This particular bit of advertising was for a nightclub where several of the employees would dress up as a traditional Chinese dragon or dogs. They would run up to people on the street and dance for them.
Primarily along the shores of Korea, there are rows upon rows of various stands selling all assortments of seafood. Each customer and can handpick which fish they want to take home to eat.
These kinds of food stands are located all over the streets of Seoul. They sell a variety of Korean food and are made on the spot. Unless you have adjusted to the food in Korea, wait a little before trying these items, but they are worth trying.
Chinatown in Singapore. This was taken a few days before the Chinese New Year in February.
The Wet Market is like a Farmer's Market. There are fish and fresh produce. Located in Chinatown, Singapore.
Painted ink on paper image of the Pure Land Buddha Amida. May also be a representation of Amitayus, "The Buddha of Long Life" based on the iconography of the 'long life' symbol on the deity's robe. Purchased in the early 1980's in Taiwan.
Looking inside the front door of the Hundu Temple.
Partaially glazed earthenware teapot.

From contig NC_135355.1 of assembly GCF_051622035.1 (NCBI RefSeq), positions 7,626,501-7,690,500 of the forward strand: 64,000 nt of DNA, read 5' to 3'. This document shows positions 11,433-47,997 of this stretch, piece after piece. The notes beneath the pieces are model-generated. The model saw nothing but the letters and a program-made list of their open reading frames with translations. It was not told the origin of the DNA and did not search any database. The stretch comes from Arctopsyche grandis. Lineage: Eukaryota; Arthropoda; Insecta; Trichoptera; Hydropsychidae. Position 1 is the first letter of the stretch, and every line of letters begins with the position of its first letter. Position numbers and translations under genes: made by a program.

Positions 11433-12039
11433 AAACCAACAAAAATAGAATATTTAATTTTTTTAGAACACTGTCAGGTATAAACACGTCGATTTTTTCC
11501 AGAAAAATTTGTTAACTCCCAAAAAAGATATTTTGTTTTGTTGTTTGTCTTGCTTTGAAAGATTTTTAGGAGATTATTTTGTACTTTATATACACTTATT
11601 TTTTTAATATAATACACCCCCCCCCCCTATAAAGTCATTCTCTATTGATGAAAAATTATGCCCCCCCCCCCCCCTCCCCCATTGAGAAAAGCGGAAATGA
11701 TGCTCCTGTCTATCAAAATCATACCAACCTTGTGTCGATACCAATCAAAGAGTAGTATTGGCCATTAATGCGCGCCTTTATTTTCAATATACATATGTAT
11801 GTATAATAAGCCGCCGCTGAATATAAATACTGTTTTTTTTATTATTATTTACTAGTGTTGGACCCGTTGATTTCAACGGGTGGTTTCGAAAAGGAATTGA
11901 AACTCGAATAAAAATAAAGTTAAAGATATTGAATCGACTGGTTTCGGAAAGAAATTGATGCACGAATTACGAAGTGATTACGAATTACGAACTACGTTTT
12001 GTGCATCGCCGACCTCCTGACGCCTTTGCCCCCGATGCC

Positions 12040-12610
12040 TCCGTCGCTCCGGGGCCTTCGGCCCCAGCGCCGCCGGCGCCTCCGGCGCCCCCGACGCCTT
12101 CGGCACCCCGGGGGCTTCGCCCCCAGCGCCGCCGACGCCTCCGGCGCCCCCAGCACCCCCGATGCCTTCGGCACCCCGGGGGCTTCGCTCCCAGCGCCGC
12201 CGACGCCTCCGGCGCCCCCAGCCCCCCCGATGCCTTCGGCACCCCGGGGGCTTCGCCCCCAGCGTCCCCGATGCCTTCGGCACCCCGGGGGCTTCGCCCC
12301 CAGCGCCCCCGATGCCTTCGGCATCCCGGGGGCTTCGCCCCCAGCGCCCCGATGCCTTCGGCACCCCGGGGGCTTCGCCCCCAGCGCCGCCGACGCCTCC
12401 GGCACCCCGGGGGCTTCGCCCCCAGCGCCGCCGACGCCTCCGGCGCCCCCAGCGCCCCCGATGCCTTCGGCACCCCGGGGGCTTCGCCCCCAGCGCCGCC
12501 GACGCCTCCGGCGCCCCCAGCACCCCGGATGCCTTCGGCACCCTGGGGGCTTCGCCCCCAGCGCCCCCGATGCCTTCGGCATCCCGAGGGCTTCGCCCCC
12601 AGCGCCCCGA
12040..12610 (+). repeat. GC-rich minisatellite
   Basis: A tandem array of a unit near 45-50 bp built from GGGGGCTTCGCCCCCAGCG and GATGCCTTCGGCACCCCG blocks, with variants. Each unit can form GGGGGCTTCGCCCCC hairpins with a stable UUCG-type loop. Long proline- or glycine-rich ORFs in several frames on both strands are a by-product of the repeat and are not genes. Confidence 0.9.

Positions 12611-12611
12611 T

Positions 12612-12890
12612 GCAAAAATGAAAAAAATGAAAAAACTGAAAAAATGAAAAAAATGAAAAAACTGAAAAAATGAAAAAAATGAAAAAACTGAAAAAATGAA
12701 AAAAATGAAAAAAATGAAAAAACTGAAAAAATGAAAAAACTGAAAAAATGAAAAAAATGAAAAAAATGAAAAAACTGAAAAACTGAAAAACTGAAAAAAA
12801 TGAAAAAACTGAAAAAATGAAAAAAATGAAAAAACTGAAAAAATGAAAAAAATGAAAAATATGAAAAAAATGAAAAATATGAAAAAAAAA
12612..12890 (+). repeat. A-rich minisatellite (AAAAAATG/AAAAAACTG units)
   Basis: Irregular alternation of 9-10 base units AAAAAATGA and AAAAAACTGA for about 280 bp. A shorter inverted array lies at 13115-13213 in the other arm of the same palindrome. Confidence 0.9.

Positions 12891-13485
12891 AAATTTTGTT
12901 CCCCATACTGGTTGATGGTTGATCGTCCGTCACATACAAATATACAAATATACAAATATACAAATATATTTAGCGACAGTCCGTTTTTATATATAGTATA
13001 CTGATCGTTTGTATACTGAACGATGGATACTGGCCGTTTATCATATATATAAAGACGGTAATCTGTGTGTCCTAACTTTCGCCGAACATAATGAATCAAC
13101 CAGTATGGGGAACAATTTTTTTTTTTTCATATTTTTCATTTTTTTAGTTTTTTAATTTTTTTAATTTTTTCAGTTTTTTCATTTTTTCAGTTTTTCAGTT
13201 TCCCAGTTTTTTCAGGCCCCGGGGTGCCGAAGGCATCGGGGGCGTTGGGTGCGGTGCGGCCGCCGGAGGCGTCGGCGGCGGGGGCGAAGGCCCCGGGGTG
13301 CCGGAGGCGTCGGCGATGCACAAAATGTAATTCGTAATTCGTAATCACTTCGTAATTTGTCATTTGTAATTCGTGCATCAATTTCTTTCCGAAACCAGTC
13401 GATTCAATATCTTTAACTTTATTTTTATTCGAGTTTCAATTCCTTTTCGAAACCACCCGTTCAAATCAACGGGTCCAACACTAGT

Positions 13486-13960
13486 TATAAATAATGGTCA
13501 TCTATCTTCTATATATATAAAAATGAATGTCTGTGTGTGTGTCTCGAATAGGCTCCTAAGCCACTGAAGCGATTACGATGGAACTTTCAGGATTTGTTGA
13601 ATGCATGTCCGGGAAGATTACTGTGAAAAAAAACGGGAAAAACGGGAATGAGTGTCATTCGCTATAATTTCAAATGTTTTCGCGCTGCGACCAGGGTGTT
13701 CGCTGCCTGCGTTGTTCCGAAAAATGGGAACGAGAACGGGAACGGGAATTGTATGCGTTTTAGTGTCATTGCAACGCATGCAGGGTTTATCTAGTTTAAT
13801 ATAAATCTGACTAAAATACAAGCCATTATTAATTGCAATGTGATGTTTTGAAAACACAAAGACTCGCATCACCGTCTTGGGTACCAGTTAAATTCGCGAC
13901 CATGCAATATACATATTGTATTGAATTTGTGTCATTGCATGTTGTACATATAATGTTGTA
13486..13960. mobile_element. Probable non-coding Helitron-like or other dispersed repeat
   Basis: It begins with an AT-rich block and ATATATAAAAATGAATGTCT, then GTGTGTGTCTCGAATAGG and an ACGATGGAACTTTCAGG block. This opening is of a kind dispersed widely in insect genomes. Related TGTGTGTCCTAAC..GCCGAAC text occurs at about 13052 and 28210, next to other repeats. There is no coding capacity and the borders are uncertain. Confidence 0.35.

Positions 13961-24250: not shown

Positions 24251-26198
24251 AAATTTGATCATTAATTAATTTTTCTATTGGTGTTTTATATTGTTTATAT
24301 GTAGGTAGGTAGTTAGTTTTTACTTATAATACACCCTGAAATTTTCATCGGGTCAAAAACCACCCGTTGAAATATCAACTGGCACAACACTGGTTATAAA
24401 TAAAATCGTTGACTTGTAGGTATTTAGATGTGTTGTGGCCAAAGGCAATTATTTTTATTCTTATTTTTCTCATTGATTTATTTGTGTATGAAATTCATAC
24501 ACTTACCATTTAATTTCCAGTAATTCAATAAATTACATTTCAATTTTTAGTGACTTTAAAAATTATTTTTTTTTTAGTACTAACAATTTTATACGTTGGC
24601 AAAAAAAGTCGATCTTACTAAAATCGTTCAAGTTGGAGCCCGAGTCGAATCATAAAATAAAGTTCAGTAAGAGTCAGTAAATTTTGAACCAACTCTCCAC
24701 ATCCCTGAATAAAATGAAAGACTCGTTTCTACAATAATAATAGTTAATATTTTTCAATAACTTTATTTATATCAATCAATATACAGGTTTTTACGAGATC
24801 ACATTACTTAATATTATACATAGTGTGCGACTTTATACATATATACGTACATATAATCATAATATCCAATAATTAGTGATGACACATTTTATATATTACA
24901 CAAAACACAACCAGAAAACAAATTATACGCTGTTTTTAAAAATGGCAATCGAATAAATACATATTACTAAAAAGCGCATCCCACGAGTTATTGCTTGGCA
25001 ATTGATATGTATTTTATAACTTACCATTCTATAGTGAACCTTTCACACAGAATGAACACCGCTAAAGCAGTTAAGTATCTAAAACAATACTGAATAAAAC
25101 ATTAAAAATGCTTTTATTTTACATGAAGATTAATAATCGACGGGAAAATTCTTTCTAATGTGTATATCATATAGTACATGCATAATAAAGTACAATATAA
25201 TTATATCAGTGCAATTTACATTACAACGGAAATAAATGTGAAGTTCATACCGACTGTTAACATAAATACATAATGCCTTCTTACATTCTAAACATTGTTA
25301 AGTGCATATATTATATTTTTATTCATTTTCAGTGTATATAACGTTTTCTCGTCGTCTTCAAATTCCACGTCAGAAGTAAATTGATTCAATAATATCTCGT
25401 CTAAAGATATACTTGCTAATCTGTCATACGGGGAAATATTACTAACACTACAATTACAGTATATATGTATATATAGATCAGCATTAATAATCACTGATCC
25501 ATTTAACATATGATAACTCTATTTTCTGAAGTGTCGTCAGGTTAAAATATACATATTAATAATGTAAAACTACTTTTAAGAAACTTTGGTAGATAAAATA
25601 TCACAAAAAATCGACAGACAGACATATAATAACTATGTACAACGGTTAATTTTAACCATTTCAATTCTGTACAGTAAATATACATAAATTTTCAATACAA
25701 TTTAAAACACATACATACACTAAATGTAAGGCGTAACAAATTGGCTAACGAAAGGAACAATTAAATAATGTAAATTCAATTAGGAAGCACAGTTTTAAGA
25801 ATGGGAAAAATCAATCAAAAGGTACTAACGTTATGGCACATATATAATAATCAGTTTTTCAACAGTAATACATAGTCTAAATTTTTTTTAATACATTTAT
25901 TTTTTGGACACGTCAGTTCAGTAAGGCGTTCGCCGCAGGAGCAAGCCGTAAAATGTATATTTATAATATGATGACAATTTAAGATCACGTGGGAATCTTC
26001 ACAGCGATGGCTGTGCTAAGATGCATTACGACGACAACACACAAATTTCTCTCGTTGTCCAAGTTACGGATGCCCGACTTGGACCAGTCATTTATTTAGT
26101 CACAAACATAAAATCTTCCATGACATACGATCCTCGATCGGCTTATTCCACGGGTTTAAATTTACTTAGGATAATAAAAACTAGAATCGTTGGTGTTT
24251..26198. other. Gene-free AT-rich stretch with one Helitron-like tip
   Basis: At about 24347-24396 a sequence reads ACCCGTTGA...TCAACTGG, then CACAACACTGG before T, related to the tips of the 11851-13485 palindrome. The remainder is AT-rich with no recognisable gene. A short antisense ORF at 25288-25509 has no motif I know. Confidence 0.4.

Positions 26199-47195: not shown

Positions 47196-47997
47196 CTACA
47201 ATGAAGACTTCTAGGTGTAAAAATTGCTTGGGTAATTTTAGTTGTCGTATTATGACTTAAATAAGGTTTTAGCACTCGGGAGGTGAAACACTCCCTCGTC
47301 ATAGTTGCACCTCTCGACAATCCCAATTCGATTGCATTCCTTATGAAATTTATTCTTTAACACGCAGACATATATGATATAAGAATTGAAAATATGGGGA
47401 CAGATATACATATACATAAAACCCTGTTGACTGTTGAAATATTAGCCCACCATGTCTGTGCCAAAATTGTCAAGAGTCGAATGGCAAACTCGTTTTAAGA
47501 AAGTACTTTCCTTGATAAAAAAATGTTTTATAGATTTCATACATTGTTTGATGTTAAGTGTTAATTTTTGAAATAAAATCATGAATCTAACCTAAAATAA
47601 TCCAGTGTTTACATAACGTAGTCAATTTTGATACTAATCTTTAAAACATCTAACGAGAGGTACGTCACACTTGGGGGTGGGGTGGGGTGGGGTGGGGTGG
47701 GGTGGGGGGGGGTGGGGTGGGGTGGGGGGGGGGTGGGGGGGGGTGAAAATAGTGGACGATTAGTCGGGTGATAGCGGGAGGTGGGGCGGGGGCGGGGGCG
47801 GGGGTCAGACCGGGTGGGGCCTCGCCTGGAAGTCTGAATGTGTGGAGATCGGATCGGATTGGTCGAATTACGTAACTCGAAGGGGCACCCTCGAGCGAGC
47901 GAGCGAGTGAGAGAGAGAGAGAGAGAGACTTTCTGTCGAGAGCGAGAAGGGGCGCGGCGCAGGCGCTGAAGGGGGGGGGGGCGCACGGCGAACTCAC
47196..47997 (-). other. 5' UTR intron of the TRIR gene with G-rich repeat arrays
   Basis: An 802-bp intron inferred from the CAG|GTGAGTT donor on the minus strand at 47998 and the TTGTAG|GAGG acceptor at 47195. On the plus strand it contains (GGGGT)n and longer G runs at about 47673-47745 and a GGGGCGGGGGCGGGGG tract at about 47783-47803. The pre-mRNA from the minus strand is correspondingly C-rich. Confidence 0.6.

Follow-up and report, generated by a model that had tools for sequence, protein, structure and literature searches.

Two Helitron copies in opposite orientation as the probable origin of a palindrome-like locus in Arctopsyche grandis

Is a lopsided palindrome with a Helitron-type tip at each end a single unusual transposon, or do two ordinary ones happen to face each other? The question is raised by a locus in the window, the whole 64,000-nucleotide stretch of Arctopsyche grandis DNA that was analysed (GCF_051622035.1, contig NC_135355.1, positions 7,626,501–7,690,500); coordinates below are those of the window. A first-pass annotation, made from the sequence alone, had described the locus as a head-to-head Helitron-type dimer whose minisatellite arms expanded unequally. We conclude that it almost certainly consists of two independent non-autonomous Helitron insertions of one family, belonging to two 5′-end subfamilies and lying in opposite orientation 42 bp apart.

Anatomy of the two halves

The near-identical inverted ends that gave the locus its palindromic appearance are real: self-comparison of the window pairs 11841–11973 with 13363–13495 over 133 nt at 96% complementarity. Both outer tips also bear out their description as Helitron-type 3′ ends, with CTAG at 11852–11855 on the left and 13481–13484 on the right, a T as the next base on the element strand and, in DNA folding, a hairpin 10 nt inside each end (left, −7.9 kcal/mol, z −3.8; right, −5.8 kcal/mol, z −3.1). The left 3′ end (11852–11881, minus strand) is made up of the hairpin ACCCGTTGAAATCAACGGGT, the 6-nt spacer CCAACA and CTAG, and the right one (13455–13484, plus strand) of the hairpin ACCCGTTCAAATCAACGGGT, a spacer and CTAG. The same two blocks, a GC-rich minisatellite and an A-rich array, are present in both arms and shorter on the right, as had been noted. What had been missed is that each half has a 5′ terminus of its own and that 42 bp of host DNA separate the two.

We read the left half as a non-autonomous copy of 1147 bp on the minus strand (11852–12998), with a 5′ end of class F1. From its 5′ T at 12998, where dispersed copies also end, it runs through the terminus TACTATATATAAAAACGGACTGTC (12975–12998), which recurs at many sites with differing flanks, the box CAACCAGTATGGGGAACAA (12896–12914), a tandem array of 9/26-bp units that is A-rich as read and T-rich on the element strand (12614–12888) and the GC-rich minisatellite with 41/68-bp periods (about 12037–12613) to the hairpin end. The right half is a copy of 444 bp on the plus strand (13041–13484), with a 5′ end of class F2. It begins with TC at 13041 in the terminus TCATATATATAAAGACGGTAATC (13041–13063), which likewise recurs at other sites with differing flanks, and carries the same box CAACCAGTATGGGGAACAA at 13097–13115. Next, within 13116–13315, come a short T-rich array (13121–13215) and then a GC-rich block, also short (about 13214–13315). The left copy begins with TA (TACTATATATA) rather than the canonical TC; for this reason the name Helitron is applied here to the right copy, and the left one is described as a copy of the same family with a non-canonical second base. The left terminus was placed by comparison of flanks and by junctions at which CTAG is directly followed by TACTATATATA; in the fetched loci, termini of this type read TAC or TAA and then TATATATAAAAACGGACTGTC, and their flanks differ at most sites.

Keisai Eisen was born in Edo, the son of a calligraphy artist. He was apprenticed to Kikugawa Eizan and studied traditional painting before becoming a printmaker. Throughout his career, Eisenâ€™s work was productive and varied. Book illustrations and prints were his first commissioned works. Early on, he achieved lasting fame for his bijin-ga (pictures of beautiful women), and both contributed to and edited the Ukiyo-e ruiko (History of Prints of the Floating World) one of the few surviving sources of information-rich material on printmaking art and artists in Japan. At times, he struck partnerships with other artists of his age, such as his collaboration with Hiroshige, which resulted in a series of landscape prints entitled The Sixty-nine Stations on the Kiso Highway. Eisen also released many surimono (privately issued prints), shunga (erotic prints), and some landscape pieces. In addition to his career as a printmaker, Eisen pursued other sources of income. A self-described hard-drinker who humbly titled his version of Japanese print history Mumeio zhuihitsu (Essays by a Nameless Old Man), Eisen was also the manager and proprietor of a brothel for a time. Today, however he is most famous for his portrayals of the beauties of old Japan. As a result of the success of Hiroshigeâ€™s â€œFifty-three Stations of the Tokaido, publishers commissioned many artists to do series in similar veins. Eisen both collaborated with Hiroshige and executed his own series of images from the Kisokaido (Great Western Highway).